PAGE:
John Zetterström John Zetterström - 3 months ago 28
TypeScript Question

Typescript Command pattern return type

Below is command pattern where you have a Command and a Handler for a command, they get added to the

CommandBus
and then executed there when called upon. The command has a type in this case
<string>
that I want to be returned when executing the Command in the
CommandBus


The issue is the last line
var whatIsThis = CommandBus.execute<string>(new GetStringCommand("Hello, world"));
more specifically I want to remove form that statement because it should come from the
Command
. The
CommandBus
class should know it should return from
class GetStringCommand implements Command<string>
.

interface Command<T> {
name:string;
}

class GetStringCommand implements Command<string> {
public str:string;
public name:string = "GetStringCommand";
constructor(str:string){
this.str = str;
}
}

interface CommandHandler<T> {
execute(command:Command<T>): T;
}

class GetStringHandler implements CommandHandler<string> {
execute(command:GetStringCommand):string {
return command.str;
}
}

interface CommandRegistry {
[x:string]: CommandHandler<any>
}

class CommandBus {
private static actions:CommandRegistry = {};

static add(name:string, command:CommandHandler<any>) {
CommandBus.actions[name] = command;
}

static execute<T>(command:Command<T>) : T {
return CommandBus.actions[command.name].execute(command);
}
}

CommandBus.add("GetStringCommand", new GetStringHandler());

var whatIsThis = CommandBus.execute<string>(new GetStringCommand("Hello, world"));


The solution above is valid and works fine, however it's a terrible solution because it makes refactoring painful, and it makes me have to repeat myself over and over again since I'll use thousands of commands.

Actual example
Here's an example of a command handler that saves a schema in MongoDB, the same command could be utilized for creating a schema in MySQL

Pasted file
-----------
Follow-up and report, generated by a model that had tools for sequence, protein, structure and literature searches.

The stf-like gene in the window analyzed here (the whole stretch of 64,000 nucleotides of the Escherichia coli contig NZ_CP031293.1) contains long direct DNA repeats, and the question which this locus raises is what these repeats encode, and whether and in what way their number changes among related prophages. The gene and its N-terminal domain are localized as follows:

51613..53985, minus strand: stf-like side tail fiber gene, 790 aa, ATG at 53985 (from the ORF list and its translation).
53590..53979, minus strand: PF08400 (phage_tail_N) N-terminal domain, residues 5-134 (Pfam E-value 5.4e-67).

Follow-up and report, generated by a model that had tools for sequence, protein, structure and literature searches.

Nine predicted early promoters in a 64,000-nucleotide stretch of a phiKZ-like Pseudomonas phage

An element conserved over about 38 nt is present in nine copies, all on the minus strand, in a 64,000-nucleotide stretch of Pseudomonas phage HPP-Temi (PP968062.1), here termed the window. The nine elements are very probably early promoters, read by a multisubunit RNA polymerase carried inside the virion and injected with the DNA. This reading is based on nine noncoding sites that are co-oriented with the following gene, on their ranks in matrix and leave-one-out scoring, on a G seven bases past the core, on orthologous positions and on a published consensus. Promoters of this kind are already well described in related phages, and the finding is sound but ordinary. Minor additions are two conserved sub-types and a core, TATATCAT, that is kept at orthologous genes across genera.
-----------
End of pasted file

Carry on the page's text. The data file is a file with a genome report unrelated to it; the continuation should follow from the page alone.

export class SaveSchemaCommandHandler implements CommandHandlerBase<void> {
execute(command:SaveSchemaCommand) {
var db = MongoConnection.db;
var collectionOptions = { autoIndexID: true };

db.createCollection(command.schema.getName(), collectionOptions);
}
}

Answer

From what I understand your handlers are the real commands, while what you call command is simply the params that the handler needs in order to execute.

You can replace your "commands" with simple interfaces, and your handlers become the commands.
You can then remove the need for classes for these new commands because you can just pass the execute function as the command.

Something like this:

interface CommandData {}

interface GetStringCommandData extends CommandData {
    value: string;
}

interface SaveSchemaCommandData extends CommandData {
    schema: { name: string };
}

type Command<In extends CommandData, Out> = (data: In) => Out;

interface CommandRegistry {
    [x: string]: Command<CommandData, any>;
}

class CommandBus {
    private static actions:CommandRegistry = {};

    static add(name: string, command: Command<CommandData, any>) {
        CommandBus.actions[name] = command;
    }

    static execute<T>(name: string, data: CommandData) : T {
        return CommandBus.actions[name](data);
    }
}

CommandBus.add("GetStringCommand", (data: GetStringCommandData) => data.value);
CommandBus.add("SaveSchemaCommand", (data: SaveSchemaCommandData) => {
    let db = MongoConnection.db;
    let collectionOptions = { autoIndexID: true };

    db.createCollection(data.schema.name, collectionOptions);
});

CommandBus.execute("GetStringCommand", { value: "my string" });
CommandBus.execute("SaveSchemaCommand", { schema: { name: "mySchema" } });

It seems simpler and easier to maintain, but I'm not sure if it fits all your needs.


Edit

It's not as trivial to get the right type from the execute operation, but you have a few options:

(1) Using a return type generics in CommandData:

interface CommandData<T> {}

interface GetStringCommandData extends CommandData<string> {
    value: string;
}

class CommandBus {
    ...

    static execute<T>(name: string, data: CommandData<T>): T {
        return CommandBus.actions[name](data);
    }
}

let str: string = CommandBus.execute("GetStringCommand", { value: "my string" } as CommandData<string>);

(2) Using any:

class CommandBus {
    ...

    static execute(name: string, data: CommandData): any {
        return CommandBus.actions[name](data);
    }
}

let str: string = CommandBus.execute("GetStringCommand", { value: "my string" });

(3) Declaring the possible signatures for the execute:

class CommandBus {
    ...

    static execute(name: "GetStringCommand", data: CommandData): string;
    static execute(name: "SaveSchemaCommand", data: CommandData): void;
    static execute(name: string, data: CommandData): any;
    static execute(name: string, data: CommandData): any {
        return CommandBus.actions[name](data);
    }
}

let str: string = CommandBus.execute("GetStringCommand", { value: "my string" });

This option isn't very scaleable, but it's still an option.